Communication is the most critical ingredient of good, let alone great or exceptional, culture.

There. I said it.

Workology Co’s Whitepaper found there are 6 key ingredients that make up exceptional workplace culture. Communication was one of the six.

But in all honesty, in the absence of good communication practices, the other 5 ingredients  (such as exceptional leadership, accountability & recognition) will fail.

And in every cultural health check/audit that I have every conducted, issues with poor or ineffective communication are AWLAYS one of the problems identified.

Each and every time. Even though the how/what will look different for each organisation.

Which is why I have banged on about this topic (especially the need to listen to your employees) many, many times before now.

I could fill an E-book full of tips and hacks on what good communciation looks like.

Today however is a blog…so here is a summary of some of the most important and timely tips for improving communication across your organisation.

Open and transparent communication

65% of survey respondents said open and transparent communication across the organisation was a feature of the best organisation they had ever worked

[Workology Co White Paper]

To me, it’s a no-brainer that communication is essential for exceptional culture- across the organisation. That is, top-down and down-up across all teams, departments, roles and sites.

Ok, that’s great, we get it Ali. Communication is important. But what does ‘good’ communication look like?’

Great question! Here is an answer I researched earlier.

Elements of good communication

The White paper found good communication looks like this:

  • Authenticity is key – from the type of stories that are reported on internally, including challenges as well as wins, to the way that they are reported
  • Understanding your people want to be heard and actively listening to their opinions
  • Don’t just ask for feedback to ‘check the box’; it is better not to ask for it at all if you will just disregard it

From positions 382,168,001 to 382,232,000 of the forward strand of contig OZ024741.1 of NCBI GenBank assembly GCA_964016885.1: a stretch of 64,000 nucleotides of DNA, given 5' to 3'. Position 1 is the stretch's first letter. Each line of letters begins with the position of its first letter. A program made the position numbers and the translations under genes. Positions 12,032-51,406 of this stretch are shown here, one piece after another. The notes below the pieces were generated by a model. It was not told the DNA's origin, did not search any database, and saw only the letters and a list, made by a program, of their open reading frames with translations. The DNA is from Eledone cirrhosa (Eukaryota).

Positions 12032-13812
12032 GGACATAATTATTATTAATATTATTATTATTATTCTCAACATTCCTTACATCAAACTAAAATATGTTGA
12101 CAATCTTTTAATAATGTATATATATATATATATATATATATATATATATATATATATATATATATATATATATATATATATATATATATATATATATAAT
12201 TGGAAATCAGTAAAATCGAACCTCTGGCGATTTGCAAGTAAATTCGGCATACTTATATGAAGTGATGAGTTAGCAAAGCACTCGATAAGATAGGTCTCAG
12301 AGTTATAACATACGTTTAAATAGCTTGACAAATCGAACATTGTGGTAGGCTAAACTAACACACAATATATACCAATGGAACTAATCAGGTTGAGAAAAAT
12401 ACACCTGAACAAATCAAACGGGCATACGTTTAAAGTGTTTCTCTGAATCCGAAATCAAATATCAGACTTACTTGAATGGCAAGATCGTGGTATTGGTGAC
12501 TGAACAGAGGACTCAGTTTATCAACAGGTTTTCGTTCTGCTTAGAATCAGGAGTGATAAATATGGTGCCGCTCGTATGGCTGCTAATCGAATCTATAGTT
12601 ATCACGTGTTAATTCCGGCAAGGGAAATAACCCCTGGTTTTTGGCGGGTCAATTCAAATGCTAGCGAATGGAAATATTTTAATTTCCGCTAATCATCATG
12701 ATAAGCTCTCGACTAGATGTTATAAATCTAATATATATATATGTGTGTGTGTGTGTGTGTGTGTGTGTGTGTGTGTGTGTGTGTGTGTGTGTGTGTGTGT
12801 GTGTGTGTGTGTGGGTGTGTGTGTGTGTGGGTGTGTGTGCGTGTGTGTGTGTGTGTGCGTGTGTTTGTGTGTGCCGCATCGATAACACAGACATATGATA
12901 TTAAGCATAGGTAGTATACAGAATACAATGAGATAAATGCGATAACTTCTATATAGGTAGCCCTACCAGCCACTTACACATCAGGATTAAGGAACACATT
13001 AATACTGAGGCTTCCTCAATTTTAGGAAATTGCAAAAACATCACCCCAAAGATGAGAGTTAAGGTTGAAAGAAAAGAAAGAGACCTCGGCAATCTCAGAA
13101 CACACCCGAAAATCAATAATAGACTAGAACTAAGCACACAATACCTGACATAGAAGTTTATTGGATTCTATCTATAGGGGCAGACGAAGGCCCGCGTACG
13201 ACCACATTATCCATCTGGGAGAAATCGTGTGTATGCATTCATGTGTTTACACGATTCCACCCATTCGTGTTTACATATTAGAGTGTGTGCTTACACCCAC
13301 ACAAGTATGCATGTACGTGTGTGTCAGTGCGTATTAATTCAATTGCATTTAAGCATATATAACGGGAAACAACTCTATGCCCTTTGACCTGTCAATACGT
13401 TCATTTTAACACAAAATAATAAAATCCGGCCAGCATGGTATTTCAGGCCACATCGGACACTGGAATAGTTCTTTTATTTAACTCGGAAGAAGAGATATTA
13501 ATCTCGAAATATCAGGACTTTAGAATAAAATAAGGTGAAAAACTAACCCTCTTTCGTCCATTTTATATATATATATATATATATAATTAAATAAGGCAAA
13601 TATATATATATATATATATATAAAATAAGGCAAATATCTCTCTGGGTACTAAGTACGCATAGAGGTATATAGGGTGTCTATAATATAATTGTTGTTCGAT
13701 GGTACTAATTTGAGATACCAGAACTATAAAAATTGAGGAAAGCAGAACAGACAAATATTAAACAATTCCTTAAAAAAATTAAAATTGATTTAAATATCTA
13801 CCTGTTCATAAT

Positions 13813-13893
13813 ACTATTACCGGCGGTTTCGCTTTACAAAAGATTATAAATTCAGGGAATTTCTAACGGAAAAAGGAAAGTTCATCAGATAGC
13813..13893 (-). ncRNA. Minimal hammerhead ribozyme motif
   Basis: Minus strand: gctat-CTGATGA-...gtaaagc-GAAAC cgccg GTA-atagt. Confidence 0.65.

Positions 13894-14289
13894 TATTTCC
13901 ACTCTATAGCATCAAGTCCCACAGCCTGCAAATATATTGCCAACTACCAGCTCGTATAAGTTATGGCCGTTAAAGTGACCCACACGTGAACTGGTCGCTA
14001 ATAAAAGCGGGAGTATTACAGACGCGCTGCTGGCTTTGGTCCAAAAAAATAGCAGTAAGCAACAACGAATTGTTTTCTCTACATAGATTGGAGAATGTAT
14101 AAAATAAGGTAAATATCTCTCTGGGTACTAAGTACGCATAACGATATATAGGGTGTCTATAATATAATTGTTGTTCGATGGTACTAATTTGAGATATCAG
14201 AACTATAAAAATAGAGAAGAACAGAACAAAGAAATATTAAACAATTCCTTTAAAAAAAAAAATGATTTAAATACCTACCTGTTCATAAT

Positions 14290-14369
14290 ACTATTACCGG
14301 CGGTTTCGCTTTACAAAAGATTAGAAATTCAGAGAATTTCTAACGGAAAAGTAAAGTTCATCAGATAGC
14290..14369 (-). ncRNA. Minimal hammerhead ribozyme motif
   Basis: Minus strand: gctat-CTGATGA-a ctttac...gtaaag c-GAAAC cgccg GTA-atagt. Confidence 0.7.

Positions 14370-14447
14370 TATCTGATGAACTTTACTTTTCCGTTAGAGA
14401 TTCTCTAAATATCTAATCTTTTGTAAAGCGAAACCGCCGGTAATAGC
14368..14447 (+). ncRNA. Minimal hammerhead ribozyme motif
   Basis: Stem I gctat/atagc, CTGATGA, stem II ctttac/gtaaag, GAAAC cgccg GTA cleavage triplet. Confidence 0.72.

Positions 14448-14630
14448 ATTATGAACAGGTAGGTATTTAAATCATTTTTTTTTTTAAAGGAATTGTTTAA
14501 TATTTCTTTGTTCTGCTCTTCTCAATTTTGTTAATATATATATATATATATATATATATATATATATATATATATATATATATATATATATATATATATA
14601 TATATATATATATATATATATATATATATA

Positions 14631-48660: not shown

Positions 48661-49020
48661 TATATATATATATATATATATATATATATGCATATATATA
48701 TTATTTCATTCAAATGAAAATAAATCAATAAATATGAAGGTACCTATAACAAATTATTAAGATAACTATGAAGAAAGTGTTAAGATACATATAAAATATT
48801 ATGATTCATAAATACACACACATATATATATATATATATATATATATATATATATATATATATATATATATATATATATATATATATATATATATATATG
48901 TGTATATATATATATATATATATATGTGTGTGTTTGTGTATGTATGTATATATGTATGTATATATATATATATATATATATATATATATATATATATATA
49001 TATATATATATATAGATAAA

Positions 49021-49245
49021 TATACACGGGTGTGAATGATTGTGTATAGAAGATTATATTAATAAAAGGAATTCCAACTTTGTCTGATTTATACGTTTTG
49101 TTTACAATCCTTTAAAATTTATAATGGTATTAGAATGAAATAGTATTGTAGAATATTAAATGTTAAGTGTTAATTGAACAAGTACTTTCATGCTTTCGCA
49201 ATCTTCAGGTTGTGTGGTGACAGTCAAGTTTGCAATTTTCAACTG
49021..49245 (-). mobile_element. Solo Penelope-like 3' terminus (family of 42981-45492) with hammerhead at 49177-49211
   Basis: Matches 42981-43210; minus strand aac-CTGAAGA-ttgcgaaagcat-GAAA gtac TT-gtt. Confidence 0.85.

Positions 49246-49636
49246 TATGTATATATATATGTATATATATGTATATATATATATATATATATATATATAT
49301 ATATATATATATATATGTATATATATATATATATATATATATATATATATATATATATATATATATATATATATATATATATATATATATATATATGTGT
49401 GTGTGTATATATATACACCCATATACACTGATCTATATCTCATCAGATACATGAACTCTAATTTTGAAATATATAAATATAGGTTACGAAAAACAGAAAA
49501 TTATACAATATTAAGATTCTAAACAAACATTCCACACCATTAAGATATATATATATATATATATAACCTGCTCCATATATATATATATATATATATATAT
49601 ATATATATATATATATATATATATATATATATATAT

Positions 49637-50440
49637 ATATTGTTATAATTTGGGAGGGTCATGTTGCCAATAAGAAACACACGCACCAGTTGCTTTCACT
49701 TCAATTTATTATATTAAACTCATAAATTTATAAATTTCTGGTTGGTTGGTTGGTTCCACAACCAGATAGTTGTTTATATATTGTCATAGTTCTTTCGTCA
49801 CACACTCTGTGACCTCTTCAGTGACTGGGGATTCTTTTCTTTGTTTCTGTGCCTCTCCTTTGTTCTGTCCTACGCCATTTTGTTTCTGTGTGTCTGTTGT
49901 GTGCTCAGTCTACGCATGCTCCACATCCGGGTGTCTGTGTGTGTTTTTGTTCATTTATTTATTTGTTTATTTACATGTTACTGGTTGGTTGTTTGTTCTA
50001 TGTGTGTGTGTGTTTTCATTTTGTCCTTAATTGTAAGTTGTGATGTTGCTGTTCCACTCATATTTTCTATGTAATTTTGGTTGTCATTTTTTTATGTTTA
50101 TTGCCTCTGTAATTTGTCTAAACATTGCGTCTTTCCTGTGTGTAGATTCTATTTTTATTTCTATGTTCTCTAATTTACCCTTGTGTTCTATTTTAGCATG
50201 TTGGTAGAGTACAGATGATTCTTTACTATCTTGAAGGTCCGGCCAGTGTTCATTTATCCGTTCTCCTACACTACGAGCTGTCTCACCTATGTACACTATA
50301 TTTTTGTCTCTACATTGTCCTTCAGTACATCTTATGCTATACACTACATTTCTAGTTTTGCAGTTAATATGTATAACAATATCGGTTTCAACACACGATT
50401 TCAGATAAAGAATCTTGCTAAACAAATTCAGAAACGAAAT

• Tells lots of stories to reinforce the vision
  • Communicating what is happening in the organisation, be open and transparent about relevant things
  • Use plain speak not corporate speak wherever possible
  • Introduce digital technology that allows for instantaneous and two-way communication between teams
  • Share the bad news as well as the good – better your people find out the bad news from you directly than learning about it on social media
  • Find ‘communication champions’ across the organisation, who are responsible for sharing stories
  • Keep all employees updated with details of activity occurring across the organisation and the broader impact, if any, of those activities
  • Create and share a timeline marking key milestones achieved – and those still to come

In case there is any doubt: being prepared to listen to your teams, does not mean you have to do everything your employees suggest.

However almost as important as listening, is demonstrating that you have considered employee opinions.

Followed up by communicating whether you can/cannot act on those opinions (and why/why not).

A case study of best practice communication

One of the joys of my work is when I come across examples of organisations with exceptional culture.

One example from the White Paper of an organisation ‘doing’ Communication right, is a digital start-up of around 200 employees, and they way they went about the business of identifying the company values.